Shark by Isabel Exhibition Print
Great White Shark Print 2019 | Where Did All the Animals Go? Exhibition
High quality A4 print beautifully reproduced from original colour Biro drawing. This print is being sold in support of Born Free Foundation
- Edition: Open edition
- Artist: Isabel, Yr 6 Bexhill Academy, Sunderland
- Printed on 230gsm matte archival paper
- Size: 30 x 21cm
- Print signed and numbered by Jane Lee McCracken with dedication to artist
- Profits from each print sale go directly to Born Free
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GREAT WHITE SHARK
This happy drawing of a great white shark exhibited in Where Did All the Animals Go? exhibition is accompanied by the following information:
Conservation Status: VULNERABLE
The great white shark is often mistakenly thought of as the most voracious predator of the seas, and even has a reputation as a ferocious man-eater, something that sadly has been hugely exaggerated by the media
Supported by a cartilaginous skeleton, these sharks are streamlined for efficient movement through the water, with pointed snouts, large triangular first dorsal fin and sharply pointed teeth. They have an acute sense of smell and are able to sense electric fields through sensors in the snout. Despite its worldwide notoriety, very little is known about the behaviour of the great white shark. They are usually solitary or occur in pairs, although it is apparently a social animal that can also be found in small aggregations of 10 or more, particularly around a carcass. Great white sharks are particularly slow-growing and despite their large size, survival of young is thought to be low. Great whites are at the top of the marine food chain and are skilled predators.
Fishing is the main threat to great white sharks either as bycatch or for their fins for shark-fin soup. The teeth and jaws of great white sharks are particularly valuable. Game fishing has increased in popularity recently and the great white shark is something of a holy grail for enthusiasts due to its great size and reputation as the most dangerous fish in the sea. Unfortunately, its inquisitive nature and tendency to investigate human activities makes this shark vulnerable to capture. Habitat degradation, depletion of prey species, negative attitudes towards the shark, and shark fences to protect bathers further affect population numbers. Unwarranted fear of these sharks throughout much of its range, makes conservation efforts difficult to initiate.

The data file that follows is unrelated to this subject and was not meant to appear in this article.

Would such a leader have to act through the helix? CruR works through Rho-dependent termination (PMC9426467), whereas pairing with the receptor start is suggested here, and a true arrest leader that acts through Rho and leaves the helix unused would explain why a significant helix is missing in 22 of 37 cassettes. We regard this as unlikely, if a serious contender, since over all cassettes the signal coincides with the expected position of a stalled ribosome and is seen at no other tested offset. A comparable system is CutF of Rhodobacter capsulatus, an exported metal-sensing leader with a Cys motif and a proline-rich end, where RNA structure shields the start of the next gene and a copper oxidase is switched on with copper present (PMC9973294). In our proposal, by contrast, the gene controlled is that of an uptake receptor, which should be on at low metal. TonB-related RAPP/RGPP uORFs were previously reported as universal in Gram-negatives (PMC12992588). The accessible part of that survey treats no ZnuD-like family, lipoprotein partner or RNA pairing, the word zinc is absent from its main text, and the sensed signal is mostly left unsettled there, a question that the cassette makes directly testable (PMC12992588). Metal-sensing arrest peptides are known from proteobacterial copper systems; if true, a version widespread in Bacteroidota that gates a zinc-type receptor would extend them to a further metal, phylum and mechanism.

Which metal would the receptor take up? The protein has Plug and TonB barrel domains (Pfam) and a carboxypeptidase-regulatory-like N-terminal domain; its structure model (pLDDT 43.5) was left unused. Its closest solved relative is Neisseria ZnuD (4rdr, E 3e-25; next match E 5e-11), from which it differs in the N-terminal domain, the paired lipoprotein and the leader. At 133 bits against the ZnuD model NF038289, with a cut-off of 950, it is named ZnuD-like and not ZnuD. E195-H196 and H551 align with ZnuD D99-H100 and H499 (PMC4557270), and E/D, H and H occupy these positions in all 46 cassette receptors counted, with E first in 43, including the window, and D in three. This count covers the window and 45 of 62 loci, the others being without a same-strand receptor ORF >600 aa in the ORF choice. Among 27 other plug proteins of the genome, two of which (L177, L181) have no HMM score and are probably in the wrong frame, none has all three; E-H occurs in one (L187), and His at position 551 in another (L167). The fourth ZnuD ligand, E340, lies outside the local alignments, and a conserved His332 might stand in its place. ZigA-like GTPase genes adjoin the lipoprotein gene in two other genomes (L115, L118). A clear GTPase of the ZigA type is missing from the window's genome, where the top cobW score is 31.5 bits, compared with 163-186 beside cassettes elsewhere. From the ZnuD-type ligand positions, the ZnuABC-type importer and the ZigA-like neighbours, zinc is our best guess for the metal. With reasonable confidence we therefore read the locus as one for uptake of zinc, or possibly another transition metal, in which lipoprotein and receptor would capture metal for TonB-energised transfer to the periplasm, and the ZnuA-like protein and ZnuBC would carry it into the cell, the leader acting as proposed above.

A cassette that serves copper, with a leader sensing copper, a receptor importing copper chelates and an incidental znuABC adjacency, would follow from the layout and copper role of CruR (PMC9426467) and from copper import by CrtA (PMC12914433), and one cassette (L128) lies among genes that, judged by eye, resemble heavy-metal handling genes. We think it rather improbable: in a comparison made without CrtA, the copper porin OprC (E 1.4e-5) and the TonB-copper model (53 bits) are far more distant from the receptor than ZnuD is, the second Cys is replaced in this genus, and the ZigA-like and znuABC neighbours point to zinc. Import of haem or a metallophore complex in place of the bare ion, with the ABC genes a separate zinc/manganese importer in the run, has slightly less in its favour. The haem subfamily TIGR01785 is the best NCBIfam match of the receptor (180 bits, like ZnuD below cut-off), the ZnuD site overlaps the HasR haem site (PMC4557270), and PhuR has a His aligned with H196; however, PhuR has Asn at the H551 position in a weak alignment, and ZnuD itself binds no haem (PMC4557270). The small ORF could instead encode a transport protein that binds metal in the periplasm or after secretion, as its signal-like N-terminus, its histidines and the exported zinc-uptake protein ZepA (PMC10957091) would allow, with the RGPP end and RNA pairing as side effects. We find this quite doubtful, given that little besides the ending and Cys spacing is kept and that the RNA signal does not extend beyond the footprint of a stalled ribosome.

Information credit: Arkive
EXHIBITION & CONFERENCE
'Where Did All the Animals Go?' An Exhibition of North East School Children’s Biro Drawings Working with Artist, Jane Lee McCracken featuring Biro drawings of some of the world’s most endangered species, at Thought Foundation Art Gallery 20 June - 22 July 2019. Jane worked with over 400 children visiting five schools across the region to deliver Biro drawing workshops. Both exhibition and the Endangered Species Conference, also organised by Jane, are supported by international wildlife charity Born Free, with President and Co-Founder Will Travers, OBE headlining the conference. Included in the exhibition is a selection of Jane’s Biro drawings, which explore loss to the environment, generated by human destruction.
Both exhibition and conference call for wider awareness and compassion for wildlife affected by human destruction, and the subsequent impact of wildlife depletion on humanity if we don’t act now. These events, which also include workshops and film screenings during the exhibition, reveal the facts as to why and how species are threatened and provide access to vital knowledge as well as concise, key actions each one of us can take, so we can make positive changes for wildlife, both locally and globally.
More information about this project here: